First Milk Cows

European milk production is set to decline further due to challenges around sustainability regulations and soaring input costs

Tightening milk output is set to continue into next year across Europe, including in the UK, as input costs soar and as farmers in the EU scramble to meet the bloc’s green-oriented production rules.

In its latest biannual report on European dairy, the US Department of Agriculture this week said EU-wide cow milk production would drop by over 430,000 Mt this year, after a similar-sized fall in 2021.

The slide was likely to continue, the USDA surmised, with farmers having to “adjust their production systems” to meet “conditionalities set out by the EU’s revised Common Agricultural Policy and the accompanying Farm to Fork Strategy”.

“In the past decade, milk production in the EU27 has become increasingly constrained by environmental and animal welfare regulations,” according to the USDA’s assessment. “Lots of farmers are quitting dairying as they choose not to make the needed investments to meet the new requirements.”

Europe’s falling milk output was set to run counter to global trends, according to report published on Wednesday by the Organisation for Economic Co-operation and Development, which projected global milk production would grow by 1.7% a year for the rest of the decade – “faster than most other main agricultural commodities”, driven in part by increasing output in India, already the world’s biggest milk producer.

While farm productivity in Europe looked set to continue to increase, according to the USDA and OECD, that jump would be “unable to compensate for this loss of dairy cows”, the number of which has fallen by almost 1.5 million since 2016, the USDA said – citing Eurostat figures.

In its new report, which was published with the UN’s Food and Agriculture Organization, the OECD said European herds would shrink by 0.5% a year over the decade to 2030.

“Environmental legislation could have a strong impact on the future development of dairy production,” the Paris-based OECD added.

Tight UK supply

Last week AHDB reported that the UK’s dairy supply would be affected by both falling domestic output and the drop in production in the EU, which, despite Brexit, remains the UK’s main dairy export destination and source of dairy imports.

What AHDB dairy analyst Patty Clayton described as the “combined effects of reduced milk production and constrained trade” had already “impacted availability of dairy products in the first quarter of 2022 in both the UK and the EU”.

“In the UK, milk deliveries have been lower on an annual basis since August 2021,” Clayton said, with butter output also down and prices up as milk supplies fell.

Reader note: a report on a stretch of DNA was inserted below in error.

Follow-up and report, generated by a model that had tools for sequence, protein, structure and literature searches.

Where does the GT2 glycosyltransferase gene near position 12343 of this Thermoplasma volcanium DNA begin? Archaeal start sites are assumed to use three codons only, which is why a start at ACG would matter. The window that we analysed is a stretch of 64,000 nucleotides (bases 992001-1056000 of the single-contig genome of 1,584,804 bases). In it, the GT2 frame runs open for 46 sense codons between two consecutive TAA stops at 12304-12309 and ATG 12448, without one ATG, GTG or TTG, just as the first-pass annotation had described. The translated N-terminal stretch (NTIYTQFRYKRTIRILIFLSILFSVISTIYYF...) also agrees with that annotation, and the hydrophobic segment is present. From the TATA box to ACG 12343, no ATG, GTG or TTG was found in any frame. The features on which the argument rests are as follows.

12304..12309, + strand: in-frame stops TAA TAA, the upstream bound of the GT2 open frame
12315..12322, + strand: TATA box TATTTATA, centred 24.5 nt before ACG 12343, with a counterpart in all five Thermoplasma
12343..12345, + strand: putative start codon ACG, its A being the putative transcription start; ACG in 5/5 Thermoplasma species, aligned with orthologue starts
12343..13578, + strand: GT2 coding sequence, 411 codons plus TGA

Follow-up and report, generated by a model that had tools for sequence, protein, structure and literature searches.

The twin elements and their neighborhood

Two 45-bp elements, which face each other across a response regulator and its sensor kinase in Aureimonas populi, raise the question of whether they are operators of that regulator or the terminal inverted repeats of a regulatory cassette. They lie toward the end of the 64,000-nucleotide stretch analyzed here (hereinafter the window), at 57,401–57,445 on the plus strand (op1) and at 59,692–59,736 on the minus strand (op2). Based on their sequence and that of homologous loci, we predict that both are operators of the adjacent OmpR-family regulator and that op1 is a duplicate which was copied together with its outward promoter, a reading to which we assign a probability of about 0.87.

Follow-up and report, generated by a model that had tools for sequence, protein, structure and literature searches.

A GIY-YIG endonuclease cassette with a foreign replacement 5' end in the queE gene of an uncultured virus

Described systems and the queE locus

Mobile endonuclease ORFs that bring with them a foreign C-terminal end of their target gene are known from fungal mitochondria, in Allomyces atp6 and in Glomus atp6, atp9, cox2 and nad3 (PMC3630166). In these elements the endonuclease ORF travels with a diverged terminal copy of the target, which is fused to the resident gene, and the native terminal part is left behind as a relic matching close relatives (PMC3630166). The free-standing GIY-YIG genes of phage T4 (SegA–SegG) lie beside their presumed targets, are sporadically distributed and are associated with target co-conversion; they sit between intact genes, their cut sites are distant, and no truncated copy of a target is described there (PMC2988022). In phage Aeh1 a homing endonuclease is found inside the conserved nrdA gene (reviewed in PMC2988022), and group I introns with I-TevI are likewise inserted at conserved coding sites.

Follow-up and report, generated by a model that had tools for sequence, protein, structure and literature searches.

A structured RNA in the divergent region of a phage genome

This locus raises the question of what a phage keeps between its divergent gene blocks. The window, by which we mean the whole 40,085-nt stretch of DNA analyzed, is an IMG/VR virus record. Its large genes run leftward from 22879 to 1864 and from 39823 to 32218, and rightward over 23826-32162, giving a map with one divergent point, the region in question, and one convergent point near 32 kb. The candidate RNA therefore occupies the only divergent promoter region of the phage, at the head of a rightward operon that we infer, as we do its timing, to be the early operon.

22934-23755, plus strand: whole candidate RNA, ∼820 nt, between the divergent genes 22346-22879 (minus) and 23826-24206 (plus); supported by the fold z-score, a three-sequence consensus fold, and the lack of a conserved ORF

Elsewhere in Europe, butter prices tracked upwards in major dairy producers France and Poland, according to IHS Markit’s June prices report.

AHDB three months ago predicted British milk output could drop by over 5% this year, with Clayton saying at the time the war in Ukraine had added to already-soaring fuel and transport costs.

While the UK recently postponed the imposition of physical checks on food imports from the EU, sourcing replacement milk supply from the bloc would likely nonetheless become more challenging if production also keeps falling among the 27 member states. 

According to the Germany-based International Farm Comparison Network, which focuses on dairy, “shrinking global milk supply is meeting steadily increasing demand, and farm profitability is under increasing pressure with milk and feed prices at unprecedented levels”.

“The dairy supply chain has not seen inflationary cost pressures of the magnitude being witnessed today for many years, if ever,” Kite Consultancy, which advises the UK dairy sector, said in recent report. It labelled the cost rises as “ubiquitous across every aspect of the supply chain”.

UK farmgate milk prices in turn have shot up, with Freshways to hit 50p a litre by September and First Milk this month announcing at a 3.5p increase in its member price per litre to 46.5p by August. Others to recently nudge their prices towards the 50p-a-litre mark have been Arla and Müller.

Some light could be at the end of the tunnel, however, with data published this month by Mintec showing prices down in May across the EU and UK, due to the “peak season of the milk flush” being hit, pushing additional supply on to markets. The month-on-month price drop did little to offset longer-term rises, however, with Mintec Benchmark Prices for UK milk up over 69% year on year.